GraphDB 9.11 Makes Updates Even Smarter and Offers Better Plugins and Visualizations

GraphDB 9.11 features improved OpenID support, better SPARQL templates with Kafka, a new Sequences plugin & visualizing RDF-star data in Visual Graph

Sofia/Bulgaria Tuesday, April 5, 2022

We are pleased to announce the next GraphDB 9.11 release, which offers several new features and improvements related to configuring OpenID, using SPARQL templates with Kafka, more flexibility in the Text Mining plugin, the ability to trim previous History plugin data, a new Sequences plugin, as well as adding support for visualizing RDF-star data in Visual Graph.

It also contains numerous bug fixes, usability improvements and the latest RDF4J 3.7.6 version.

Configuring OpenID security is now easier

Support for OpenID was originally introduced in GraphDB 9.5 and we have been continuously extending the support to meet clients’ requirements.

GraphDB 9.11 introduces suffix stripping support for mapping OAuth claims to GraphDB roles, thereby allowing organizations to have a clear separation of claims meant for GraphDB vs claims intended for other systems.

This release also introduces more flexibility in the way an OpenID issuer is configured and used, and thus makes it possible to use misconfigured OpenID servers that do not conform strictly to the OpenID specification.

Updating your data in an even smarter way using SPARQL templates and Kafka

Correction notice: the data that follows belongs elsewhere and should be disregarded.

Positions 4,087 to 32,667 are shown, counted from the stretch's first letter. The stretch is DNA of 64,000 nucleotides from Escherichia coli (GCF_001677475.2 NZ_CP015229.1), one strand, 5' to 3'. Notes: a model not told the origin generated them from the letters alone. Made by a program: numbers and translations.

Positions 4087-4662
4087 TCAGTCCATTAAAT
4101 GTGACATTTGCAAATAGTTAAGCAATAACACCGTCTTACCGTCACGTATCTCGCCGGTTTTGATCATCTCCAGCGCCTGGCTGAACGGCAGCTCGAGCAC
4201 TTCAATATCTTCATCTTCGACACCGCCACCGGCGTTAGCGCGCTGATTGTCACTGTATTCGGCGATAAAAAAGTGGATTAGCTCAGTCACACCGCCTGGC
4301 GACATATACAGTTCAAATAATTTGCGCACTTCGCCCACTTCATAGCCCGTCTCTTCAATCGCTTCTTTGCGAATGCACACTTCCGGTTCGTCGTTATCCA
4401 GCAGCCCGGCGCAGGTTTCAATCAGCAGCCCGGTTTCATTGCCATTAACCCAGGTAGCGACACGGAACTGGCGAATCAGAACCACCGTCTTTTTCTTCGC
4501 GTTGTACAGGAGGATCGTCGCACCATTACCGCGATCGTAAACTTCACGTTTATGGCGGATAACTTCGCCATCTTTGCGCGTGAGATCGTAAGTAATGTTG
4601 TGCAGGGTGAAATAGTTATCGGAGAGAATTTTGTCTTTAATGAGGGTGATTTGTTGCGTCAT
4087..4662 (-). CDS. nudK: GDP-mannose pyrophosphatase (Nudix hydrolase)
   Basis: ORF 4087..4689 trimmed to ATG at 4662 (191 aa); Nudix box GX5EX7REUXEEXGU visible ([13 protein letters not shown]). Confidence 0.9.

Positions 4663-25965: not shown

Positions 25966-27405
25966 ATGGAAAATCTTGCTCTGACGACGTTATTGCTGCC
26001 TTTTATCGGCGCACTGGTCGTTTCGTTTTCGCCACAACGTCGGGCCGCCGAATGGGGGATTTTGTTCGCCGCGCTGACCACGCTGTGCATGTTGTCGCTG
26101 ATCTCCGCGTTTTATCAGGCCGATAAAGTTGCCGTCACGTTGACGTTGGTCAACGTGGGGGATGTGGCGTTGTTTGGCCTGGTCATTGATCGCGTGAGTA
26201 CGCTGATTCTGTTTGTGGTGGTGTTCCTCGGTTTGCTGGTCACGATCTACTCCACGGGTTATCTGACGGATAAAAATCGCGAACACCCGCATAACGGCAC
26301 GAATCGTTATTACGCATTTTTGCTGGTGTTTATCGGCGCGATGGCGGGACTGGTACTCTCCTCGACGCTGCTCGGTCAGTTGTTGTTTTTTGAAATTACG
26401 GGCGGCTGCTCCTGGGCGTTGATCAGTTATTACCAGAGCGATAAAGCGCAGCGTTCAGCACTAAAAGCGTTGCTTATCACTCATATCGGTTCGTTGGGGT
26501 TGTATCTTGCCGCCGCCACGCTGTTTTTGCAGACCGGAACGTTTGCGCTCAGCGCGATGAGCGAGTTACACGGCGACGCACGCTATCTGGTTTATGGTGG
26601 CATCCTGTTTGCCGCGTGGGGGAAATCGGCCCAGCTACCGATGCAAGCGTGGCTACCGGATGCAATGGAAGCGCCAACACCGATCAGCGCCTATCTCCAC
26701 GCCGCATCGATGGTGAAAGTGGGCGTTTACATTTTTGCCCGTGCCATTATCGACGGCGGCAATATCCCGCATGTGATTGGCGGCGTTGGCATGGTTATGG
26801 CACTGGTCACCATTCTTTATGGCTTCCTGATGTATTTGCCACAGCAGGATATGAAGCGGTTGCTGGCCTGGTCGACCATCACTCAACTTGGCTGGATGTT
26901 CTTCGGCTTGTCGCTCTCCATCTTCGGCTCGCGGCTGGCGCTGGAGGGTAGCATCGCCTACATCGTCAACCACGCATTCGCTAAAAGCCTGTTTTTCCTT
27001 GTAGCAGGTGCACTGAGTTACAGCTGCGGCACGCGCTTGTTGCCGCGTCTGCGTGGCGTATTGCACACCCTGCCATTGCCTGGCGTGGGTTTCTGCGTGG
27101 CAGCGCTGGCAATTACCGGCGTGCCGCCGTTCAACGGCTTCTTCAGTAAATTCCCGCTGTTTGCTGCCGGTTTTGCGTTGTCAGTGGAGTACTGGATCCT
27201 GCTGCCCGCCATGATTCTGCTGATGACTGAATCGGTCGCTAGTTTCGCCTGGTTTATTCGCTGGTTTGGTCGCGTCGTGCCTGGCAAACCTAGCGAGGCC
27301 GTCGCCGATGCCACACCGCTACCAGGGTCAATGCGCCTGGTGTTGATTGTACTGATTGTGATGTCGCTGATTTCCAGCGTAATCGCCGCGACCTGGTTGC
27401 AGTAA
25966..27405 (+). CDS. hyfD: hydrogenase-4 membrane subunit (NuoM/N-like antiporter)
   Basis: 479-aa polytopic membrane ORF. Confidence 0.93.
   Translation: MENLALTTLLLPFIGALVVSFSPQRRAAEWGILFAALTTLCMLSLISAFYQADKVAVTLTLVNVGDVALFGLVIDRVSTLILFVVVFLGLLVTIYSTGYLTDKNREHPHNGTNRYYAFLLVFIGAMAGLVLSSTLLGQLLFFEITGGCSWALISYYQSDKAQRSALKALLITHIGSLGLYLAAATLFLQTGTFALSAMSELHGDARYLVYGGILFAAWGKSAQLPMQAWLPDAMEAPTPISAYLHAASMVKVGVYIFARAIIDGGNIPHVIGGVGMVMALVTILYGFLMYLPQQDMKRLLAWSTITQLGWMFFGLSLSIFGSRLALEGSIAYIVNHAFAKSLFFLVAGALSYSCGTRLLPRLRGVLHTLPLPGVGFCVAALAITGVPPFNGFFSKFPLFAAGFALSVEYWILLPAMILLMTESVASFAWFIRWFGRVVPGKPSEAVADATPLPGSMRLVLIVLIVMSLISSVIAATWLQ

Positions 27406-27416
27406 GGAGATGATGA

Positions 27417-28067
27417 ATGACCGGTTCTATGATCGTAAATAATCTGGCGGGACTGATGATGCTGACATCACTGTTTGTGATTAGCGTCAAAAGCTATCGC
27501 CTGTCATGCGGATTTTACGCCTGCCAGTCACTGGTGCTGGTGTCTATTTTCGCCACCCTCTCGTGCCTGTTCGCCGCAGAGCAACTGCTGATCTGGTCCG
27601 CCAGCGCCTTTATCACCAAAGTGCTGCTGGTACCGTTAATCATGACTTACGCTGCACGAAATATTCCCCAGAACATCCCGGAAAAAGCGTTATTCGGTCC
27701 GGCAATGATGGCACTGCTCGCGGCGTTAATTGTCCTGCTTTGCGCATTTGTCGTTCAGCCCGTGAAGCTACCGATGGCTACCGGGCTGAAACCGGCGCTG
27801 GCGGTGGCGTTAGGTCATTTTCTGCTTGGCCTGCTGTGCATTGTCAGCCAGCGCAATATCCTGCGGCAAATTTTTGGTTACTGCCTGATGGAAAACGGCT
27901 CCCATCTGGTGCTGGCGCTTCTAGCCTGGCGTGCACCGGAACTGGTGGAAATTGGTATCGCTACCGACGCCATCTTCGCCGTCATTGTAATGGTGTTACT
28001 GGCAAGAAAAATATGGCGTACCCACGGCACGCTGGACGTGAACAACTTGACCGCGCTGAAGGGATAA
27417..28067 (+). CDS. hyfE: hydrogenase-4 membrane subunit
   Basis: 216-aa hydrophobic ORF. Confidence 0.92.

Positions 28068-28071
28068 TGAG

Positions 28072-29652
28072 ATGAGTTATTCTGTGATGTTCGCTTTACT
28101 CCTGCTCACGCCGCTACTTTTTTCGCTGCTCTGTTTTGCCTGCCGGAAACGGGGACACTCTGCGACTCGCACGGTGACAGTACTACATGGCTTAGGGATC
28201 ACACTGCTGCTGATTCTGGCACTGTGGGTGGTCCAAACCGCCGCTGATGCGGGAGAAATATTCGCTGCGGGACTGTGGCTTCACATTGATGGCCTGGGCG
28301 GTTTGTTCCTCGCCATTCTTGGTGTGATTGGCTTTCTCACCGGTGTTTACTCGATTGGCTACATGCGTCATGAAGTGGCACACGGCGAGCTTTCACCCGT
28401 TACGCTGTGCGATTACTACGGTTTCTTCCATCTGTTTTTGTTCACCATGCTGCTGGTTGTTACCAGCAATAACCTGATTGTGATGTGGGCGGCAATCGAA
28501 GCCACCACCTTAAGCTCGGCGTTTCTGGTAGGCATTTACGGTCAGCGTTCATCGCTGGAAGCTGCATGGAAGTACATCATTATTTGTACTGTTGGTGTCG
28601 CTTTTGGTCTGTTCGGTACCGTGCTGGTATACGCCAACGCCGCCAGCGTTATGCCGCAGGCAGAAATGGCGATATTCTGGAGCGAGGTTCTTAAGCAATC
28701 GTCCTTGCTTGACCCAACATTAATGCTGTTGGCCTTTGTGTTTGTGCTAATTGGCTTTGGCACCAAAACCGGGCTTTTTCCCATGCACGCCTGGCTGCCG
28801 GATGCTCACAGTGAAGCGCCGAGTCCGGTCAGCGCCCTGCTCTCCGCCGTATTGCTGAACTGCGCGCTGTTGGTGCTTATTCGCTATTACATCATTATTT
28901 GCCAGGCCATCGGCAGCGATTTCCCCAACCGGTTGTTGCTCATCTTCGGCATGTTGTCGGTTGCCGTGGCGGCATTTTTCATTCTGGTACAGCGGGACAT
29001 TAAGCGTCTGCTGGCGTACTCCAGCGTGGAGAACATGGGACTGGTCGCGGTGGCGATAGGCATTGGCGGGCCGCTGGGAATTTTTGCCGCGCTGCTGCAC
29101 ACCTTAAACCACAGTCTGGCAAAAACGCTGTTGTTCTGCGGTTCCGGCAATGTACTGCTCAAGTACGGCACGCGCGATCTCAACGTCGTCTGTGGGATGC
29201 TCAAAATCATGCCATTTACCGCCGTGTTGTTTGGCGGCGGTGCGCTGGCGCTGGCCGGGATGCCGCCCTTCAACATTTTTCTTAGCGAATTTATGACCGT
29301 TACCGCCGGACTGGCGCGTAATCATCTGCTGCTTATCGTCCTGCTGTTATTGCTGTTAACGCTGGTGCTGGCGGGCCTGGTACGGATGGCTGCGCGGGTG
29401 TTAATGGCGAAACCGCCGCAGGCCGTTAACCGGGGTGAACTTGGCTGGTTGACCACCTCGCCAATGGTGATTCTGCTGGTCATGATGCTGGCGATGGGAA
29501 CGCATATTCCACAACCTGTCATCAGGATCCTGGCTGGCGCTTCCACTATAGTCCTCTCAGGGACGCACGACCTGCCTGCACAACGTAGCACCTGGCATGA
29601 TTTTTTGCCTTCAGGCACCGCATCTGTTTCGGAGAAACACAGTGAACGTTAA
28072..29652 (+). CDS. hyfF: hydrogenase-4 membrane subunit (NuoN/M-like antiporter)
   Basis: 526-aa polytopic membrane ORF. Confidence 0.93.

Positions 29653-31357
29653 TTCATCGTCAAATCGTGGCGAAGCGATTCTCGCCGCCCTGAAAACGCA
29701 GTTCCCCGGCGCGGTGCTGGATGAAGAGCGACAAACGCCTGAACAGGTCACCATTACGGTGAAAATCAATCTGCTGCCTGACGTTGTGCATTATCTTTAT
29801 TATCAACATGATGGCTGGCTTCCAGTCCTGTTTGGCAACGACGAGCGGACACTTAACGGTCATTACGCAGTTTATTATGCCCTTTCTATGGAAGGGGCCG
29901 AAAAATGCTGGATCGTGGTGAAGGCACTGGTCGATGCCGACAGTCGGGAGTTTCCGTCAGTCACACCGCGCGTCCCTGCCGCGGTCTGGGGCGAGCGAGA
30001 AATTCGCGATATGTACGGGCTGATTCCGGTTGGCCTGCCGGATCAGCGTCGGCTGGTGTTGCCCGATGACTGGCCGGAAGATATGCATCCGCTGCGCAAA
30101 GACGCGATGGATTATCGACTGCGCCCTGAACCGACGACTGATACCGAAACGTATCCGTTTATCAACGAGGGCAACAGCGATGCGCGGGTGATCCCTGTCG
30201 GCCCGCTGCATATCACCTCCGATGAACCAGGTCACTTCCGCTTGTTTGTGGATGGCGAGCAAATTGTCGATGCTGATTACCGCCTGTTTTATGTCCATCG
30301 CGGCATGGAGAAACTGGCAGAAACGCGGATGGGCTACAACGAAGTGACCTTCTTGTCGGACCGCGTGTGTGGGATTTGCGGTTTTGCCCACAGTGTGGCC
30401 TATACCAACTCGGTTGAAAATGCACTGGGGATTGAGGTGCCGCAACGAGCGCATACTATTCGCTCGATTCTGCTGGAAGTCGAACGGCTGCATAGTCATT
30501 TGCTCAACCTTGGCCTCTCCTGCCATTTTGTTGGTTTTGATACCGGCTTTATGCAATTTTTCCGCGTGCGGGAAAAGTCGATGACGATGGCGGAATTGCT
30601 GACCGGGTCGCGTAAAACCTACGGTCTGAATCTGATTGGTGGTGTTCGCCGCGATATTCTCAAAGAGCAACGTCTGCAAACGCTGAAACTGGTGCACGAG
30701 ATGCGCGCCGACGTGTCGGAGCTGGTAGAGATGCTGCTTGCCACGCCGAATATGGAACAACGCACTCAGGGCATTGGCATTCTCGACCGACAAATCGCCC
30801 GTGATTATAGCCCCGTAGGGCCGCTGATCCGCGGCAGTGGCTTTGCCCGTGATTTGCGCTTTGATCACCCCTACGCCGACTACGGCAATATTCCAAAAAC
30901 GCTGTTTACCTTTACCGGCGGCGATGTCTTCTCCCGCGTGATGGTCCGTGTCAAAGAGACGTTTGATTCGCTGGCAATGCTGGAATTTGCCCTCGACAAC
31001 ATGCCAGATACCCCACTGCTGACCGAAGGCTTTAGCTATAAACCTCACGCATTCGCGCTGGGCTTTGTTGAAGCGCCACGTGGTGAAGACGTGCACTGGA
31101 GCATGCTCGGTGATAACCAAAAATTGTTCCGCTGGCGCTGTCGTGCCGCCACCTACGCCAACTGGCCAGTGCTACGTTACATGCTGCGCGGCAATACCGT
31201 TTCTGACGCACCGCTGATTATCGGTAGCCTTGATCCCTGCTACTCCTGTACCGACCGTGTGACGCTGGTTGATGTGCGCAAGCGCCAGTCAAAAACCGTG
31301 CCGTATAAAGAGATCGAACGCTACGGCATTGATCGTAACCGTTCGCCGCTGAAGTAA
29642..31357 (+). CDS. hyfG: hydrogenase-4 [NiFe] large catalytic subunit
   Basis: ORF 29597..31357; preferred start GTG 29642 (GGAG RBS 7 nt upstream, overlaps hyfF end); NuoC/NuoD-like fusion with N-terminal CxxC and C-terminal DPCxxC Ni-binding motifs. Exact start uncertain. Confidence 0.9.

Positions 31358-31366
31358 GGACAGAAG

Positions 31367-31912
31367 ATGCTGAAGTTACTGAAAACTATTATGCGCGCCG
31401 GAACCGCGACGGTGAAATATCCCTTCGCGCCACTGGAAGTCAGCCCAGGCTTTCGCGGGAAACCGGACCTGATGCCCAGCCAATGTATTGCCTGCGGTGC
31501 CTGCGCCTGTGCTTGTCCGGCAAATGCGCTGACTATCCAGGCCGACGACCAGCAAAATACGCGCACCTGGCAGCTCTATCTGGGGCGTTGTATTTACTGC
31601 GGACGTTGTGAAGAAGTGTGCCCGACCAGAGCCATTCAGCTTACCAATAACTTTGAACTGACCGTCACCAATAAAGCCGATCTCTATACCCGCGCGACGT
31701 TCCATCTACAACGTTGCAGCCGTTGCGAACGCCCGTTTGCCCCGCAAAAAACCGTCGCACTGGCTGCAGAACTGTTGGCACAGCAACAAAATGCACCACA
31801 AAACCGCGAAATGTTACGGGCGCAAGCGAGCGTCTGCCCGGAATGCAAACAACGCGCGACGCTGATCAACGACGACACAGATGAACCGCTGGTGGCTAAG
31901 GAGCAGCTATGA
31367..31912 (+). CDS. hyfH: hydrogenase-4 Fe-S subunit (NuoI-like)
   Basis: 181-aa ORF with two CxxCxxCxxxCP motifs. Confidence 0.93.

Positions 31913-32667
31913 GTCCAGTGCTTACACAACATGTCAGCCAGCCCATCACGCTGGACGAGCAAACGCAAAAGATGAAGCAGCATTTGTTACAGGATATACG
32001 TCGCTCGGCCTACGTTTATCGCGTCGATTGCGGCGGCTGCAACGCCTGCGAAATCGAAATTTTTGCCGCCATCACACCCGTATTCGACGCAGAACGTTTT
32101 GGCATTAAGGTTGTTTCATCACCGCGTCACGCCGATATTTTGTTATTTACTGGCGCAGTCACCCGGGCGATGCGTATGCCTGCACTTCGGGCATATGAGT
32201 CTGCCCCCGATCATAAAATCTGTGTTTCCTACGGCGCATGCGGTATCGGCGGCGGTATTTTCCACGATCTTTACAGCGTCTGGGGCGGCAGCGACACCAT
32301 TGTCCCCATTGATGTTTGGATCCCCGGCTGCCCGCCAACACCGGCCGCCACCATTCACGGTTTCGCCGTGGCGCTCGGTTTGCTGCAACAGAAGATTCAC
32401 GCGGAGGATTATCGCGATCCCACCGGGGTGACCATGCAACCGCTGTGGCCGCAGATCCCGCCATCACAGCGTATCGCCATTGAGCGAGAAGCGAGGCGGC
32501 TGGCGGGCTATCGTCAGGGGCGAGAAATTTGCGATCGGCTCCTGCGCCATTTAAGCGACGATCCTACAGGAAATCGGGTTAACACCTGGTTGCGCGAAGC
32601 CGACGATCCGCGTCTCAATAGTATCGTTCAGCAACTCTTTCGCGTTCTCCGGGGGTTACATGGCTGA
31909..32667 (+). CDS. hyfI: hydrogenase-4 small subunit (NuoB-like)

The SPARQL templates were introduced in GraphDB 9.10 as a way to provide smarter updates via Kafka and help with the complex process of updating the content of RDF documents. The initial implementation allowed for updating documents provided as RDF, where an IRI identifies the document to update.

The above approach works well in simpler use-cases but in other cases, a single IRI is not sufficient to identify the updated document. We extended the approach to handle multiple values provided as JSON and map them to a SPARQL template.

This solution covers many more use-cases and brings additional flexibility to the SPARQL templates. When combined with GraphDB’s open-source Kafka Sink connector, which supports smart updates with SPARQL templates, it reduces the amount of code needed for raw event data transformation and automation of knowledge graph updates even further than GraphDB 9.10.

More powerful plugins

The GraphDB plugins support extending the database engine and enable the implementation of complex enterprise use-cases.

In GraphDB 9.11, we introduced support for trimming or clearing the data collected by the History plugin to control the size  of history entries by date or a period of time. This extends the number of supported use-cases by the plugin, e.g., it can track short-term history collection, analysis and then repeating the process from the beginning when new data is added.

We also introduced the Sequence plugin, which enables the generation of auto-increment values in a transactionally safe manner suited to a variety of use-cases.

Upgrade to RDF4J 3.7.6

GraphDB comes with the latest RDF4J 3.7.6, which includes many important bug fixes and improvements.

Spring Vulnerability CVE-2022-22965

The Spring vulnerability CVE-2022-22965 was discovered shortly after we released GraphDB 9.11.0. We analyzed it carefully and have concluded that GraphDB is not vulnerable. However, since the nature of the vulnerability is more general, and there may be other ways to exploit it, we have decided to immediately release GraphDB 9.11.1 with security patches, including two library version upgrades that both address CVE-2022-22965.

Get ready to take advantage of all new GraphDB 9.11 features!

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For more information, contact Doug Kimball, Chief Marketing Officer at Ontotext